I’ve written about the consensus within the political establishment about Britain’s managed decline before. Today, it rears its ugly head in the Guardian/Observer, with Economics Editor Philip Inman declaring that Britain’s economy can’t handle Brexit.
Inman — a graduate of Liverpool John Moores University in a city once believed to be worthy of managed decline itself — has decided that the reasons Britain voted for Brexit are indeed the reasons Britain can’t handle Brexit.
A decline in our manufacturing, our fisheries, and with key economic decisions made by a foreign power in a foreign city. These are just some of the reasons Britain wants out of the European Union.
Inman, however, sees it the other way:
Manufacturers were unable to make things cheaply, reliably or efficiently enough against the headwind of a high-value currency, forcing many to give up. An economy that boasted 20% of its income coming from manufacturing in the 1980s found it was the source of barely 10% at the beginning of this decade.
To this, Brexiteers may say: “Yeah exactly,” and Inman would reply, “Yeah exactly”. The differences stand in the optimistic disposition of Leavers, and the refusal of the political establishment to want to deal with any level of political or economic activity that might take us beyond their lifespans to fully realise: short term thinking.
The author would do well to read up on Alexander Hamilton’s approach to a similar situation following the original Brexit in 1776.
Hamilton, recognising that the economy of a new American nation could no longer rely on Great Britain, set forth the Report on the Subject of Manufactures, arguing for a more protectionist position which encouraged national investment and to this day has encouraged our trans-Atlantic cousins to produce and buy American.
CATO Institute scholars alongside Adam Smith Institute researchers would have fits at such proposals today. But these are the national interest-based theories which Inman refuses to even acknowledge, let alone deal with.
He claims Brexiteers are “stuck in the mire of hope-for-the-best management”. Maybe he’s right. But on what planet, and in which nation, did cheer-leading for the worst as Inman is doing lead to the best?
There are not many state assets left to flog. Raw materials and energy costs are rising, while the foreign ownership and management of key industries could decline as Brexit cuts off easy access to the world’s largest free-trade bloc.
Again Inman misdiagnoses the solutions to a renewed British economy. Flogging assets and encouraging foreign ownership are tactics of the neo-liberal political establishment which — despite Jeremy Corbyn’s leadership of the Labour Party — still dominates across Britain’s political spectrum.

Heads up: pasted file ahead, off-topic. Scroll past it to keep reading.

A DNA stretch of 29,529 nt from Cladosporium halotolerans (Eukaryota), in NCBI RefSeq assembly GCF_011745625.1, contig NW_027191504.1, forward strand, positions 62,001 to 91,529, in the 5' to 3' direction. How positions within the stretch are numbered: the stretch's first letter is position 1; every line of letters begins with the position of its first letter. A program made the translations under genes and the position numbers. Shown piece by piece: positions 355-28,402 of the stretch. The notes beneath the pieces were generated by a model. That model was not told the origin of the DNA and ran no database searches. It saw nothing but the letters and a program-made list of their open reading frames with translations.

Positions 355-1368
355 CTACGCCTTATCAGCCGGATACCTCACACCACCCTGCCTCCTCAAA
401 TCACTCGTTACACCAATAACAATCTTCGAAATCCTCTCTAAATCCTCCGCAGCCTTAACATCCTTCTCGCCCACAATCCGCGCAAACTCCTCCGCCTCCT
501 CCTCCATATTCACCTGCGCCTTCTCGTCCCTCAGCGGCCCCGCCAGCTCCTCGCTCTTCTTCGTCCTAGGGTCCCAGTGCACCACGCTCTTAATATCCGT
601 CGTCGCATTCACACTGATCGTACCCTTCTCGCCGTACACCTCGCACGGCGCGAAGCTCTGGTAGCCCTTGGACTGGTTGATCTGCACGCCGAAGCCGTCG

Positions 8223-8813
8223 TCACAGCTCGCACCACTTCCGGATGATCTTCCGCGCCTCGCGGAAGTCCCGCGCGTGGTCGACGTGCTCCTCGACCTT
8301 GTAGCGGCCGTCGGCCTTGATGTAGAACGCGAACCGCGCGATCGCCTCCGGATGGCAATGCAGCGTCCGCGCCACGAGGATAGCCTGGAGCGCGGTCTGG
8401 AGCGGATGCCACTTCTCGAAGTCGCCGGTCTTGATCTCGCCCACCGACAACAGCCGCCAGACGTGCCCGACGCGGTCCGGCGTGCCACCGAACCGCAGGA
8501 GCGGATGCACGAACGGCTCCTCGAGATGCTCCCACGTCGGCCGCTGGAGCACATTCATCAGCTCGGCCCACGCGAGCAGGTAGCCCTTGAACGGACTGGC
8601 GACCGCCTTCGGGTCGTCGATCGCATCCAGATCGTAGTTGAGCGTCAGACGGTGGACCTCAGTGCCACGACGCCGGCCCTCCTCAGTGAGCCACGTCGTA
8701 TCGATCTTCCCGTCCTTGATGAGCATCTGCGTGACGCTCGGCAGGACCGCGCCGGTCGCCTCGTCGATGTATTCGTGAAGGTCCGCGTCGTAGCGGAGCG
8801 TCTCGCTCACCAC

The solutions are more likely to be found on the “radical fringes” of British politics — in Brexit and yes maybe even in Corbyn — than in the know-how of the managed decliners.
Of course the radical fringes in Westminster are popular thought out in the actual country. But Inman can’t seem to break the stranglehold of his establishment economics textbooks. How curious for the once hard-left Guardian to have gone full-on neo-liberal.
Inman closes with the following:
This week, GDP figures for the fourth quarter of 2017 will show the economy trundling along in the run-up to Christmas. If modest growth is all that is required, it can be achieved as long as borrowing remains cheap.
It is worth noting the words of Enoch Powell MP, speaking on Radio Clyde in 1977 on the programme Platform, in response to the GDP-obsessives:
How angry it makes me to be told that Britain does not grow like other nations. Well they say the figures show that Japan grows 10, 15, 20 per cent to our 2 per cent or 0 per cent. All I can say is if this is growing, what I see and understand of the way the Japanese live, well give me nil growth.
The things that this country’s great in are things the majority of which you can’t measure on these statistics. And I resent those who, well it’s their choice let them have their own choice, go for the things that can be measured in quantity, turning round and saying to us because we went through, 100 years ago, the stage of economic development they are going through, turning around to us and saying you are lagging behind. You must imitate us if you wish to catch up with us.
I do not believe there is any catching up to be done but I do believe we shall lose that in which we were great unless we are prepared to be true to ourselves and we cannot be true to ourselves unless we are both free and self-governed.
Raheem Kassam is the editor in chief of Breitbart London